Eighty percent of burns occur in the home. Common causes are overexposure to
the sun or direct contact with a hot oven or cooking surface, hot water or
steam, electricity, or certain household chemicals. The following burns require
immediate medical attention:
Burns that have been caused by electricity or chemicals
Burns that look severe and involve parts of the body where the skin is
thin, such as the face, neck, shoulders, elbows, hands, genital area, ankles, or
Burns that have left the skin charred, white, or brownish yellow, and
leathery—even if there is no
Most burns, however, can be treated effectively at home. First, cool the
burned area with cold water or ice. After the pain subsides apply an antibiotic
cream (available without prescription) or an herbal remedy (see below) to aid
the healing process. During this time (usually from 3 to 5 weeks), drink plenty
of juice and water to help hydrate the skin. The internal herbal remedies
included here may also help promote proper healing.
Herbs can speed wound healing, reduce the risk of infection, and possibly
prevent scarring. Make teas with 1 teaspoon herb per cup of hot water. Steep
covered 5 to 10 minutes for leaf or flowers, and 10 to 20 minutes for roots.
Tinctures are preparations made from alcohol (or water and alcohol), containing
an herb strength of 1 part herb to 5 parts solvent or 1 part herb to 10 parts
Apply gotu kola (Centella asiatica) to the burn site daily to
help prevent scarring and to promote skin healing.
Make a strong comfrey leaf (Symphytum officinalis) tea (use one
heaping teaspoon herb per cup), let cool, and cleanse the burn area with the
Combine powders of slippery elm (Ulmus rubra), marshmallow root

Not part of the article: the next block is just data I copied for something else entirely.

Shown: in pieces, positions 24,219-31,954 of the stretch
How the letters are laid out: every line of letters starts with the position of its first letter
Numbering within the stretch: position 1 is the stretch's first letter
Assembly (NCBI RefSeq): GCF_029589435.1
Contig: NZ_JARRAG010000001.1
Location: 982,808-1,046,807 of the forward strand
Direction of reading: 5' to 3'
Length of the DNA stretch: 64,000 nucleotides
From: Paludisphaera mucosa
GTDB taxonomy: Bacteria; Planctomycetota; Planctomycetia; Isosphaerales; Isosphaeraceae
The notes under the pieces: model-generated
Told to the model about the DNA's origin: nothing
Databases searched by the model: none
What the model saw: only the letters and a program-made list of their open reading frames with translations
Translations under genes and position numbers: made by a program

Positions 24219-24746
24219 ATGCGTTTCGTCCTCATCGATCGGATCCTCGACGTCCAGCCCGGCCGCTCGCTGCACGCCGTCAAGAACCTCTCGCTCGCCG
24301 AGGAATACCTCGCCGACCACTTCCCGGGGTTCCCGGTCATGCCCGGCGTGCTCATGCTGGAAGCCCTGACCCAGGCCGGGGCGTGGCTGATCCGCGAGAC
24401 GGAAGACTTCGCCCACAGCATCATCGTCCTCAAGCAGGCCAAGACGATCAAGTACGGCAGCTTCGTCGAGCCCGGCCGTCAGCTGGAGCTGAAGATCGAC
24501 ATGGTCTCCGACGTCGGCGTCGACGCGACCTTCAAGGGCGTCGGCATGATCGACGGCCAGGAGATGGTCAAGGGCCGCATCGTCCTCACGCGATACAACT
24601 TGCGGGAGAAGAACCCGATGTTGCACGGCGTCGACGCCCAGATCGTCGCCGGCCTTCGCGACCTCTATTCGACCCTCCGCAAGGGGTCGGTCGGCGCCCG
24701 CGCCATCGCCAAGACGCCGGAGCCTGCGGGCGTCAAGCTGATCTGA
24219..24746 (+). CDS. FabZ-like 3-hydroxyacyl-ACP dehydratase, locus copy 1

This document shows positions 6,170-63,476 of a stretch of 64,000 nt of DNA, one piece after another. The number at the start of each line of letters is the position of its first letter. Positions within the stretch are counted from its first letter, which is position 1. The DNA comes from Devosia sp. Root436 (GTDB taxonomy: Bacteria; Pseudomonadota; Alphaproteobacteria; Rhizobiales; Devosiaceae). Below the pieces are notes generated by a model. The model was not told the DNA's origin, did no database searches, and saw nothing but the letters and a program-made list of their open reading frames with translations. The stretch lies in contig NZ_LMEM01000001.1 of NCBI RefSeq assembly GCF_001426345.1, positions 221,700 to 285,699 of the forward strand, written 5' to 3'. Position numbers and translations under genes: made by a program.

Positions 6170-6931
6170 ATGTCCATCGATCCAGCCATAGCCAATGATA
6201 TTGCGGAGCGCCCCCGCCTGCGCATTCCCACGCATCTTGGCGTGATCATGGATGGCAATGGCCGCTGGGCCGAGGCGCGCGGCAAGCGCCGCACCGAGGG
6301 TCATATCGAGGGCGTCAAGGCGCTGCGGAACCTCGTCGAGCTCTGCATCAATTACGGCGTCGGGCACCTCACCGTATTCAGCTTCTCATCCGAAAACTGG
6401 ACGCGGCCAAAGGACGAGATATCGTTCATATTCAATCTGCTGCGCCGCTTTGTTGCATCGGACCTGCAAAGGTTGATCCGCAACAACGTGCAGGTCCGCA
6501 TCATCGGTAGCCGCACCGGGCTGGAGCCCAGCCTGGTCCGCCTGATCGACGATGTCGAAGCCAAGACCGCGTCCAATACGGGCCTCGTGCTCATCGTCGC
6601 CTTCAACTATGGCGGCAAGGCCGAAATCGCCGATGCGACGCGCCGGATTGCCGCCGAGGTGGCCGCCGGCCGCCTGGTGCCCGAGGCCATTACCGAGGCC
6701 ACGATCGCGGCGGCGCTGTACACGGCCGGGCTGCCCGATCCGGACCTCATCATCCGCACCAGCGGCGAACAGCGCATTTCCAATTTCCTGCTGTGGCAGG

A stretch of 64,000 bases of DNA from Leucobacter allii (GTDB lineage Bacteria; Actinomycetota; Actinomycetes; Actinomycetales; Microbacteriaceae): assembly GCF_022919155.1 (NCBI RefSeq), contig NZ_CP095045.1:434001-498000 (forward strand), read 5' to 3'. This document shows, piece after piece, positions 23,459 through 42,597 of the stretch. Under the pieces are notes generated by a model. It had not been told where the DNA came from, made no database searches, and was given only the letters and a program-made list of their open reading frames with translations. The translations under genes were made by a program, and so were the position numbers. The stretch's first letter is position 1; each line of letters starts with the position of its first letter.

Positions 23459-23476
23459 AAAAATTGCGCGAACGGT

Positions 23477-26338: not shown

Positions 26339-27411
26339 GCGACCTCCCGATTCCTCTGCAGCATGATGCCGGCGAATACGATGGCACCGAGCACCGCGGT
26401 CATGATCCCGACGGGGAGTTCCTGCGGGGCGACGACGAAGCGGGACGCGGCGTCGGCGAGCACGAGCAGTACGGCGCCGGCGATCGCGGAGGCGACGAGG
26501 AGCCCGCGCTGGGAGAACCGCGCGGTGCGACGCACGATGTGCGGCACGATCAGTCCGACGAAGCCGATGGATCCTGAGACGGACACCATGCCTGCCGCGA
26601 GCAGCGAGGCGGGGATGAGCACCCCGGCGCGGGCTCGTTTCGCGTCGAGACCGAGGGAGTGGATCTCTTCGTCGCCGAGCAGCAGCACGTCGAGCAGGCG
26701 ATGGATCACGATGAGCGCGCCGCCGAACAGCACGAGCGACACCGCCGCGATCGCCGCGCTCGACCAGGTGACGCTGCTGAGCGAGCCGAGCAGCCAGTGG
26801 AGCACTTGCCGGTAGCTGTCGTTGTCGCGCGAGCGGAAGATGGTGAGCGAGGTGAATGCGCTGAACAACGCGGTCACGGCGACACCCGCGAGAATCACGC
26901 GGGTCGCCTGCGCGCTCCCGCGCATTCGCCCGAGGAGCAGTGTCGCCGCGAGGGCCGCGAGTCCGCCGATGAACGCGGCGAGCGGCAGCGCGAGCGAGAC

(Althea officinalis), goldenseal, and comfrey root. Apply to burns to
promote healing and reduce the risk of infection.
Combine equal parts of tinctures of coneflower (Echinacea
purpura) and goldenseal (Hydrastis canadensis). Take 30 to 60 drops
every three to four hours to stimulate the immune system and reduce the risk of
infection during the period right after the injury.
Combine equal parts of the following in a tea (drink 4 to 6 cups a
day) or tincture (30 to 60 drops three to four times a day): yarrow (Achillea
millefolium), cleavers (Gallium aparine), prickly ash bark
(Xanthoxyllum clava-herculis), marigold (Calendula officinalis),
plantain (Plantago major), and ginger root (Zingiber officinalis).
This remedy promotes healing by enhancing blood circulation to the skin.
Integrative Medicine Access: Professional Reference to Conditions, Herbs
& Supplements. Newton, Mass: Integrative Medicine Communications;
The publisher does not accept any responsibility for the accuracy of
the information or the consequences arising from the application, use, or misuse
of any of the information contained herein, including any injury and/or damage
to any person or property as a matter of product liability, negligence, or
otherwise. No warranty, expressed or implied, is made in regard to the contents
of this material. No claims or endorsements are made for any drugs or compounds
currently marketed or in investigative use. This material is not intended as a
guide to self-medication. The reader is advised to discuss the information
provided here with a doctor, pharmacist, nurse, or other authorized healthcare
practitioner and to check product information (including package inserts)
regarding dosage, precautions, warnings, interactions, and contraindications
before administering any drug, herb, or supplement discussed